Another book review so soon?
There are two reasons: firstly, last week was a major deadline for my day-job, so I didn’t have a lot of mental energy for writing, and secondly – this book is a fast read!
The Road to Bedlam is the sequel to Sixty-One Nails, picking up where the first book left off. Blackbird is nearing the end of her pregnancy when Niall’s daughter from his first marriage is apparently killed in a freak accident. However Alex is not dead – she has inherited her father’s fey blood and been bundled off to a secret facility for those who cannot control their powers (very reminiscent of Selma Blair’s character Liz in Hellboy). Niall is desperate to find her, but the Courts of the Feyre have more important things on their minds…
I confess I found the opening chapters a little slow. Shevdon understandably doesn’t want to short-change the impact on his protagonist of the apparent death of his child, but it does mean we spend quite a while with him in the mundane world as he tries to visit her in intensive care, attends a memorial service at the school, and so on. I felt this robbed the story of the forward momentum set up in the prologue, and it took a while to get going again. Maybe that’s just me, though; I don’t read much contemporary fantasy, so I’m accustomed to more “exotic” settings that are interesting in their own right.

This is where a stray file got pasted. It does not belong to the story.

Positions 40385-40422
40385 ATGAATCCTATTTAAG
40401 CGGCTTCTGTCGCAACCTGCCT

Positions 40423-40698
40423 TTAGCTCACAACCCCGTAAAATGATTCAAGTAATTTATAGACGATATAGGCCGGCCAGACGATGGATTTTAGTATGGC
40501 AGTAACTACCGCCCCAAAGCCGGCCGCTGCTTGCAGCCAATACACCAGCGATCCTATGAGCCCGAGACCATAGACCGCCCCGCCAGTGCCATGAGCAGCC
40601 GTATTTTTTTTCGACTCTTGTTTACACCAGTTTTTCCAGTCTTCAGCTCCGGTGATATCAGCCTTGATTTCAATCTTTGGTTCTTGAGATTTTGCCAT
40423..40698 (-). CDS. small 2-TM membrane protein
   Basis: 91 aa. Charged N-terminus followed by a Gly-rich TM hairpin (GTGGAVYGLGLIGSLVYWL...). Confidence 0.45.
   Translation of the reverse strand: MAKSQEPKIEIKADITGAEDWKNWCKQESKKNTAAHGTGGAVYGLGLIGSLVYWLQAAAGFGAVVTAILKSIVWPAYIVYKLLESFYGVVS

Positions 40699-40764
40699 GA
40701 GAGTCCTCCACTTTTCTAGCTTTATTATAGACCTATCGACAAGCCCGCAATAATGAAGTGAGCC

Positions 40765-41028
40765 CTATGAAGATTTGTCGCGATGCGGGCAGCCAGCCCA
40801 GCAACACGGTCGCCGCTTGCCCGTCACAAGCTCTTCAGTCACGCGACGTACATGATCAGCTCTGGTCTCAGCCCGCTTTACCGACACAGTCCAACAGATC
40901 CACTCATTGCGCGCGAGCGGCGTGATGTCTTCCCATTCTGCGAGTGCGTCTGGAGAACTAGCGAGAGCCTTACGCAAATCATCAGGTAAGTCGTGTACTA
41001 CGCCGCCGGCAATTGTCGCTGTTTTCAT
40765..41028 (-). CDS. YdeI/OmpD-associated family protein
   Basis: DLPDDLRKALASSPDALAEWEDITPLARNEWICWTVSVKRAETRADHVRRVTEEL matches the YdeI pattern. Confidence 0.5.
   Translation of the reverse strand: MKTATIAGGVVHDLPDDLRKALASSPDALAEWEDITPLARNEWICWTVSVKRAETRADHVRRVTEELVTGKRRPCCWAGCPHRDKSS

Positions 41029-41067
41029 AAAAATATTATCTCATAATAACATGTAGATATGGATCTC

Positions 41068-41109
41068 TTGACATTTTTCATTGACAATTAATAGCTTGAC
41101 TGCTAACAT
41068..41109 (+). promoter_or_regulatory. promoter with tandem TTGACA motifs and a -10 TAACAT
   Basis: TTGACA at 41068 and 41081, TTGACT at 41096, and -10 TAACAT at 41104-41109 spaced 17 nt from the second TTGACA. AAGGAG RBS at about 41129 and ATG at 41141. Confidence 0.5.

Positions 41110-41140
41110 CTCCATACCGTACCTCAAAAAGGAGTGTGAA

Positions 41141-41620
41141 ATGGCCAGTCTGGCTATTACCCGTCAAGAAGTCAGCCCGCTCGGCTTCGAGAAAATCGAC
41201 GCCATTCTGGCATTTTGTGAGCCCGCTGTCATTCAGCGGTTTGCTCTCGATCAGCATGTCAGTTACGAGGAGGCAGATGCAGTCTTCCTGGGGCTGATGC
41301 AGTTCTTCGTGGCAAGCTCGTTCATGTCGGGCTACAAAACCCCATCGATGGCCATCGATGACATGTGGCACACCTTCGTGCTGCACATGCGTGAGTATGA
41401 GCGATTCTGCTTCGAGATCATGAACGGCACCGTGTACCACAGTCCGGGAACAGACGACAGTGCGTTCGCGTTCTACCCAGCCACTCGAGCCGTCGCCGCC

Once Niall finds out the truth, however, it’s a steadily escalating adventure as he tries to balance his duty to Blackbird and his new kinfolk with his impatience to find Alex, and the book ends with an all-action finale worthy of a summer blockbuster! On the way, we get more fascinating glimpses into obscure corners of English folklore and tradition, like Oakham Castle with its great hall decorated with horseshoes of all sizes.
This is the real strength of Shevdon’s writing: the rich blend of ancient and modern, with a very English flavour (I would say British, but so far all the stories have focused on England, from London to Shropshire). I would love to see these books picked up by BBC Wales and made into mini-series – they would sit very comfortably alongside recent SFF productions like Being Human and Torchwood.
The third installment in The Courts of the Feyre is due out from Angry Robot next summer, so if you haven’t read the first two books, you have plenty of time to catch up!